There comes a time in every campaign when the PCs want to take a break. Sometimes, this is just a short period to rest and recover from wounds before heading back out on adventures. Other times, it lasts longer, while the PCs take care of non-adventuring concerns, develop relationships with NPCs, build businesses, craft magic items, or just plain relax. Some gaming groups gloss over these periods with a simple statement of “A few weeks pass;” while other groups play out each day along the way. But however they choose to deal with this period of “downtime”, every group goes through it from time to time.
It’s natural that the amount of downtime that occurs varies depending on the campaign and the particular group. Some campaigns will experience very little downtime, and what downtime there is may often be short. This tends to be the case with many Pathfinder adventure paths. It’s not unusual for one instalment to lead directly into another with little, if any, gap between them. This is not universal, of course. Most adventure paths allow for at least a little downtime and some allow for a bit more, but on the whole, the amount of downtime tends to be small. As such, it’s nice when an adventure path instalment comes along that allows the characters to settle for a little while and take it easy a bit—of course, even during downtime, things are rarely truly easy.
Demon’s Heresy by Jim Groves, the third part of Wrath of the Righteous is one such adventure. After the harrowing events of The Worldwound Incursion and Sword of Valor, it allows for the PCs to take a bit of a breather and even experience a little bit of semi-calm. Looked at on its own, it doesn’t have same epic quality to it that the earlier instalments have, but to look at it on its own would be to do it an injustice. While there are some adventure path instalments that could easily be run on their own without running the remainder of the adventure path, Demon’s Heresy really isn’t one of them. It’s a piece of a whole and its less-epic structure is more like the calm at the eye of the storm—except that this storm’s eye is pretty fraught with peril and adventure.
In many ways, Demon’s Heresy is less a single adventure than it is a collection of mini-quests with one slightly bigger quest at the end. In Sword of Valor, the PCs successfully retook the city of Drezen from the demon forces of the Worldwound. Now, they must successfully rebuild the city. This means rebuilding its economy as well as the physical reconstruction of its buildings. So even though the PCs get to take a bit of a break from the hectic adventuring, they still have their work cut out for them.
Wrath of the Righteous is not only the first adventure path to make use of the rules from Mythic Adventures, but also the first to make use of Ultimate Campaign. Sword of Valor put the PCs in charge of a small army, incorporating Ultimate Campaign’s mass combat rules. Demon’s Heresy gives players the opportunity to utilize the downtime rules as they gather capital to reconstruct and re-establish Drezen. Of course, the adventure can be run without using these rules and will not suffer for it, but it makes a nice bonus for groups that do use the rules.
Demon’s Heresy is quite open-ended—it’s very much a sandbox adventure in this regard. The events detailed within its pages can happen in pretty much any order. Even the major, concluding events don’t necessarily have to happen at the end—although the PCs will probably be more capable of handling them if they do. There is also no specific timeframe that the adventure has to occur over. Game masters are free to allow the PCs as much or as little time as they want to take care of their duties and complete the various side-quests. However, the adventure does point out that the longer the PCs take, the more the demons will start to turn their eyes back towards Drezen, and it includes a few suggestions on how the demons will eventually respond. It is still up to game masters, however, to determine exactly when these retaliations begin.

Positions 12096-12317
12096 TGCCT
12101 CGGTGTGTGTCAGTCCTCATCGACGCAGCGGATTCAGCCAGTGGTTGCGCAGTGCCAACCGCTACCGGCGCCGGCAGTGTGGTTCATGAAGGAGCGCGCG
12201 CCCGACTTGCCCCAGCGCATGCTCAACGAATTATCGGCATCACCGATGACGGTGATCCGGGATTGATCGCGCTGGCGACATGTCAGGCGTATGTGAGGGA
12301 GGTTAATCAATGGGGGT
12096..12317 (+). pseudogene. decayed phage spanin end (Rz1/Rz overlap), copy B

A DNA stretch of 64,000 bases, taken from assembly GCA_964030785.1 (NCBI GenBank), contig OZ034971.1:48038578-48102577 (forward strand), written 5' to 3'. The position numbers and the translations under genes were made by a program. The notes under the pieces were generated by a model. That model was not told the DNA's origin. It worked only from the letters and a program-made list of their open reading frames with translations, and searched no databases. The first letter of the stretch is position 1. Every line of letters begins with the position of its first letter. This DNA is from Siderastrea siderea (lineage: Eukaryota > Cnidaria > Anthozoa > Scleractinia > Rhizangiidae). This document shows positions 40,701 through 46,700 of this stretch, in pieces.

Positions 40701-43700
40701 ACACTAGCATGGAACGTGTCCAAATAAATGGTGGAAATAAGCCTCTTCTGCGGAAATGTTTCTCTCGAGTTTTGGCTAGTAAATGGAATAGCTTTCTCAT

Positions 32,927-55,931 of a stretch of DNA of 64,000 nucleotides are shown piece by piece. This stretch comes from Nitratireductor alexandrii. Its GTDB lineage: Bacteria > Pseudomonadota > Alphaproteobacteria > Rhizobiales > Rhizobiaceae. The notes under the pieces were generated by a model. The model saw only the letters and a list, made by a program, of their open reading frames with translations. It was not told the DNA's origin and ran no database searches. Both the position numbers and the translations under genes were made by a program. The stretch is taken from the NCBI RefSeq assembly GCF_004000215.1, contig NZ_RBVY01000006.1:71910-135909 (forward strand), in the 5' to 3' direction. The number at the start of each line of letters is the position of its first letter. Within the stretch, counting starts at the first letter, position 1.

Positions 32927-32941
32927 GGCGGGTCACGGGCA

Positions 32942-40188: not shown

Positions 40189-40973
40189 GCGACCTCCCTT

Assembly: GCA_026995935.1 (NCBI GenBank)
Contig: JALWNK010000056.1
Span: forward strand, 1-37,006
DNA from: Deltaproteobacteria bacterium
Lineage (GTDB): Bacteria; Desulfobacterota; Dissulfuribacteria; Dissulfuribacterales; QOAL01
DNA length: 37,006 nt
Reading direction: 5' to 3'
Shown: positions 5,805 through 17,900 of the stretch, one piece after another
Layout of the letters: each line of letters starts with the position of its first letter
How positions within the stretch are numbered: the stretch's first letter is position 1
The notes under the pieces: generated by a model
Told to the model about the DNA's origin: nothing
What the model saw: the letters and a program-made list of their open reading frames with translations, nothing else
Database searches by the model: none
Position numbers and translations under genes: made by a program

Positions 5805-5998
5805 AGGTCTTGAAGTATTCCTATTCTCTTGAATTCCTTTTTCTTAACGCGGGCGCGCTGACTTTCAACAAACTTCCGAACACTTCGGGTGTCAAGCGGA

One of my favourite things about Wrath of the Righteous so far has been the integration of NPCs into its storyline—specifically NPCs that carry over from one adventure to the next. This is not an easy thing to do, as what may happen to NPCs with one group may be considerably different from what may happen with another. Nonetheless, Sword of Valor does a remarkable job of accounting for all the different possibilities. However, with each successive adventure, the number of possibilities grows, so it’s not surprising that Demon’s Heresy needs to take the route of sidelining the recurring NPCs somewhat. It doesn’t ignore them entirely, but it does make the assumption that they take on various roles in Drezen (Irabeth becomes the ruler of the city, for example, and her wife Anevia the spymaster), rather than continue to travel with the PCs. These roles grant the PCs various downtime boons (for example, as the city’s ruler, Irabeth generates 3 units of Influence per day). It’s an assumption that makes a good deal of sense, as the PCs’ powers should be starting to far outstrip the NPCs’, and the enemies they are now facing are likely beyond the capabilities of the NPCs, even if they’ve gone up a few levels. Of course, with some groups, the PCs may prefer to have the NPCs take different roles in the city or even have some (or all) continue to adventure with them. In such cases, GMs will need to make some adjustments—but that’s a normal part of any adventure path, and I don’t fault this adventure for making assumptions this time round. There’s really no other option for the adventure to take. The NPCs are not forgotten about, and that’s the important thing. And there are still many strong roleplaying opportunities throughout the adventure.
While the PCs are working to rebuild Drezen, they also need to explore the surrounding lands—to help protect the city from the deadly denizens that live in the Worldwound, to find items that may help the crusaders against the demons, and possibly even to learn some of the demons’ plans. Most of Demon’s Heresy, as a result, is made up of small side-quests. While these little quests are keyed to locations on the map, many of them will be ones that the PCs will deliberately seek out (based on events that occur in the city) rather than stumble upon while wandering randomly. As I said earlier, these quests can occur in pretty much any order, based on the actions of the PCs and the whims of the GM.
Many of these side-quests are tied to campaign traits that the players chose when creating their characters. These quests help to advance the storylines of the individual player characters and tie up events from their backstories. This integrates the PCs into the adventure path in a way the campaign traits of other adventure paths never have before. Campaign traits usually have little effect on the campaign beyond being a way to get the PCs initially involved in events. In Wrath of the Righteous, the traits remain relevant much later into the adventure path. There are some downsides to this, however. Completing a quest tied to a campaign trait counts as a mythic trial for the PC who has that particular trait. This means that the PCs will be completing mythic trials at different times and possibly even advancing to a new mythic tier at different times. Many groups that are used to PCs advancing levels at separate times won’t be bothered by this, but groups that prefer to have everyone advance together may not like this as much. It’s also something that could be easily abused by GMs who get to choose who goes first.